According to multiple sources, the Philadelphia Phillies have re-signed shortstop Jimmy Rollins to a three-year, $33-million deal with an $11-million vesting option for 2015.

Rollins, who has spent all of his 11 big league seasons as the face of the Phillies franchise was rumoured to have been seeking a five-year deal, but the 33-year-old had to settle for a shorter tenure after Alex Gonzalez signed with the Brewers and Rafael Furcal re-signed in St. Louis, effectively drying up the market.

In 2011, Rollins hit .268/.338/.399 with a .329 wOBA in 631 plate appearances while accumulating a 3.8 fWAR.  Committing $11-million per season to a 33-year-old shortstop may seem foolish, but Rollins has only to accumulate around six-and-a-half marginal wins over the next three years to make the deal worthwhile.  Considering that’s roughly what he’s been worth to Philadelphia over the past two seasons (one of which he missed half the year with injuries), this deal seems like a good one.  His fielding numbers still peg him as an above average shortstop so he should be able to stick at the position for the life of the contract, which will allow him to decline further offensively and still produce enough value to justify the deal.

Since coming into the league in 2000, Rollins has been the second-most valuable shortstop in baseball behind only Derek Jeter, according to fWAR.  Even in the last three seasons, considered the beginning of his decline, the former NL MVP has been the eighth-most valuable shortstop around, with only Troy Tulowitzki, Hanley Ramirez and Jose Reyes topping him in the NL.

The deal looks even better when you consider Rollins’ relative value as compared to say, Michael Cuddyer, who is also 33 and signed a deal for almost the same amount of money over the same length of time.

And the rest:

The Rockies apparently aren’t satisfied with throwing insane amounts of cash at just one mediocre player, they apparently want to sign Brad Lidge. And Lidge, for his part, is not demanding to be closer. What a team player [Denver Post].

The Yakult Swallows of the NPB have accepted a $2.5-million posting fee for outfielder Norichika Aoki, but the winning team has not yet been revealed [Hochi Shimbun].

After it was “reported” yesterday that the Toronto Blue Jays had the highest posting bid for Japanese phenom Yu Darvish, Anthony Castrovince is reporting today that the winning bid was $48-million [Twitter].  Still, nothing will be official until next week.

Tony LaRussa says that Albert Pujols has been “in pain” since signing with the Angels [St. Louis Today].  I’m sure over a quarter-billion dollars and a new mansion in Southern California will ease his suffering.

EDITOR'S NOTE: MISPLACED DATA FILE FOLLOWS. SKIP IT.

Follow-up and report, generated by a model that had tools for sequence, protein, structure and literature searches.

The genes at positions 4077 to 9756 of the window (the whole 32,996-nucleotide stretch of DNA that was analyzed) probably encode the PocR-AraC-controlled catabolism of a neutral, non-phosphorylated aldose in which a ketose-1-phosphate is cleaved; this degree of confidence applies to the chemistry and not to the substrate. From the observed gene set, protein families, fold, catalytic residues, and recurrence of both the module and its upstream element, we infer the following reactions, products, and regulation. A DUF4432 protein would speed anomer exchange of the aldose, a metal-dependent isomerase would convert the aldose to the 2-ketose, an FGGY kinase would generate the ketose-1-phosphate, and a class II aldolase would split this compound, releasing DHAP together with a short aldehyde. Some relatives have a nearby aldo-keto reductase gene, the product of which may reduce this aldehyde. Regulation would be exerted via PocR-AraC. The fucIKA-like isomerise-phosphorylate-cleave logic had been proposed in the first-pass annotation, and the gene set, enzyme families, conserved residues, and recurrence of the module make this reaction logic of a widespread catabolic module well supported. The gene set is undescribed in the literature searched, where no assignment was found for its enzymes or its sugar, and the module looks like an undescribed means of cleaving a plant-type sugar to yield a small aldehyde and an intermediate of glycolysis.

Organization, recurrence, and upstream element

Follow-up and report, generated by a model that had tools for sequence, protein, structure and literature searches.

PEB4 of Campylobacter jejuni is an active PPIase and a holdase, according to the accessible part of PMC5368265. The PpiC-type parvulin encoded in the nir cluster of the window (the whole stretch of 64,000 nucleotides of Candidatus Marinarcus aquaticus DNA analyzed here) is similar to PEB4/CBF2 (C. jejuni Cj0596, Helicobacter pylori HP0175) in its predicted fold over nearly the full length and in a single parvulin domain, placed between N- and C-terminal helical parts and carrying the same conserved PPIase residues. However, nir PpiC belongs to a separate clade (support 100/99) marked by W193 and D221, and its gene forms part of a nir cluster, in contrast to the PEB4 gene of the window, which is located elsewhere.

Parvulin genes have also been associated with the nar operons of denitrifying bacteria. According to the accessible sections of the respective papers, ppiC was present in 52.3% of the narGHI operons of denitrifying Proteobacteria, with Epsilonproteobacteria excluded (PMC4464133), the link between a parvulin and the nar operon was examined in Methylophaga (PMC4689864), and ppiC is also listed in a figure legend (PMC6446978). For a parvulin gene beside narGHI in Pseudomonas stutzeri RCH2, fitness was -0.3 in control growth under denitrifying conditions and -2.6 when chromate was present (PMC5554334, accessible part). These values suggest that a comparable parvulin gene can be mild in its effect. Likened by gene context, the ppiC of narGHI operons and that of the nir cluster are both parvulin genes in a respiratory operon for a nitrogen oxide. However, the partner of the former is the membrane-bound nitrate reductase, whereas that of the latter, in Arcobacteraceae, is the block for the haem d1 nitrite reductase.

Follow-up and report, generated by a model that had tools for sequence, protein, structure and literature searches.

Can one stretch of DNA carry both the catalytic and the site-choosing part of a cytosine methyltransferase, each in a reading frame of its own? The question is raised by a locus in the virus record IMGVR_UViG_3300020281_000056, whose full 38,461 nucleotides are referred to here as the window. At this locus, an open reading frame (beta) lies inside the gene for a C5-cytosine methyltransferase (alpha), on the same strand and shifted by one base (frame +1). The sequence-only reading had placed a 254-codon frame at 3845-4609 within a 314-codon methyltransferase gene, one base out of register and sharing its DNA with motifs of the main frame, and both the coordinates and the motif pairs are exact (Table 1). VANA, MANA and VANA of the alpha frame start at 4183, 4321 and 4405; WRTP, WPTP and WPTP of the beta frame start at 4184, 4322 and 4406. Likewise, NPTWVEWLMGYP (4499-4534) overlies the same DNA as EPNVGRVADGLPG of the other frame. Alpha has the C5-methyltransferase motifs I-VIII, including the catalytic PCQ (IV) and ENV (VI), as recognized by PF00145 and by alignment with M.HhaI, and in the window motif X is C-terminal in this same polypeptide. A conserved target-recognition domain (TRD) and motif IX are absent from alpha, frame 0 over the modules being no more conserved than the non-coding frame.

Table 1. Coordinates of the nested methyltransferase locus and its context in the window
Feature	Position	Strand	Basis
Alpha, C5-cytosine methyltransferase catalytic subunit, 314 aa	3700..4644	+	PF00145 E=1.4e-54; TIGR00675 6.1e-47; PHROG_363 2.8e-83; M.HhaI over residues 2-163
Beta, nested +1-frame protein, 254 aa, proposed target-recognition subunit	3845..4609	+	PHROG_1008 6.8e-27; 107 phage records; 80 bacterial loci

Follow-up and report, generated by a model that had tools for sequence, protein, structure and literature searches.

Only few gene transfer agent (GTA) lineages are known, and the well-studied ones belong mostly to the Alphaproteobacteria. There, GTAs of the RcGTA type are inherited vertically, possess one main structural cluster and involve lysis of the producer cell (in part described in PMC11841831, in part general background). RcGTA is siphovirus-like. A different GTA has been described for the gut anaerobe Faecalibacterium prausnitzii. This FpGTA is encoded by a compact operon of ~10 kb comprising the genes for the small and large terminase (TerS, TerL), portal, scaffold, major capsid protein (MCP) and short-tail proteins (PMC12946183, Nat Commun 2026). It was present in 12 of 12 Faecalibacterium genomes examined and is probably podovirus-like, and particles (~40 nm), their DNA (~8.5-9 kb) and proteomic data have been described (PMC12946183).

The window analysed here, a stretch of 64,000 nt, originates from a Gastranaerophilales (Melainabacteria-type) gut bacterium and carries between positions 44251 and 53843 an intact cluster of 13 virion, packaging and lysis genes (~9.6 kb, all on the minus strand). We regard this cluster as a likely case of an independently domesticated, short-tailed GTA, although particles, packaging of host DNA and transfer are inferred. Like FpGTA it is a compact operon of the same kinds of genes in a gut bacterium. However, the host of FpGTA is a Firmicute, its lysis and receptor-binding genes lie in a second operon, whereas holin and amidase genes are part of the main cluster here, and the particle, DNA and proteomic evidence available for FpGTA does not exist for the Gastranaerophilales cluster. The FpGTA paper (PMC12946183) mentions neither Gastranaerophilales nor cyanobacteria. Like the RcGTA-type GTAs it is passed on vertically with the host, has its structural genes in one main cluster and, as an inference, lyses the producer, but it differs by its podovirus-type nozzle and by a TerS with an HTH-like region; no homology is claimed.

Even though they’re interested in retaining him, Jack Moore suggests that the Minnesota Twins should let Jason Kubel walk and take the compensatory draft pick [FanGraphs].  Expecting the Twins to make an intelligent decision regarding a free agent might be a stretch at this point.

Sticking with the incomparable FanGraphs, if you haven’t already, check out their Top 15 Organizational Prospects lists; a new team is released every day [FanGraphs].

Barry Bonds will appeal his sentence of 30-days house arrest, two years probation and 250 hours of community service for giving misleading testimony before a grand jury.  The process could take more than a year [Toronto Star].  Good thing American taxpayers didn’t pay millions of dollars for a kangaroo court to try and convict the Home Run King…oh wait.

And today in great news:

Brian Stow, the Giants fan that was brutally attacked outside of Dodger Stadium on Opening Day, speaks publically for the first time since his ordeal [NBC]

And…

Kevin Goldstein says Cuban outfielder Yoenis Cespedes will likely not officially be a free agent until sometime in January.  Oh, and he’s released a sequel to his video [Baseball Prospectus].

Comments (4)

  1. Could you possibly explain the $5 million/WAR valuation? You’re not the only one that makes reference to it, but I am still struggling to see how 1 WAR can be said to equal 5 million in FMV.

    For reference, the avg $ / WAR paid in salary across the MLB in 2011 was 2.4 million and in 2010, it was 2.3 million.

    • It’s a calculation from FanGraphs. Market value for one win above replacement is around $5-million. Obviously pre-arb and arb players are being retained at below market value, that’s why smart GMs like AA go after controllable players rather than FAs, most of the time.

      Usually by looking at what a team gives a player, you can see how much WAR they plan to get out of him over the life of a deal. So for Pujols and his $254-million, the Angels expect him to be a roughly 50 WAR player over the next ten years. They’re clearly banking on him to be in the 7-8 range in the first few years so that when he starts to decline, he’s already given the team more value than he’s earned in the contract.

      • I understood that general line of thinking. I was less clear on how the number is arrived at. And it applies to unrestricted free agents or free agents in their cost controlled years or both? As you say, the low cost of younger players leaves the avg $ / WAR at a lower number across the MLB. That same thinking would seem to apply to arbitration eligible players. so the same valuation metric for both unrestricted and restricted free agents would strike me as odd.

        I’m sure there is a Fan Graphs post that would sort me out. I’ll see what I can find.

  2. That refers to dollars per fa war

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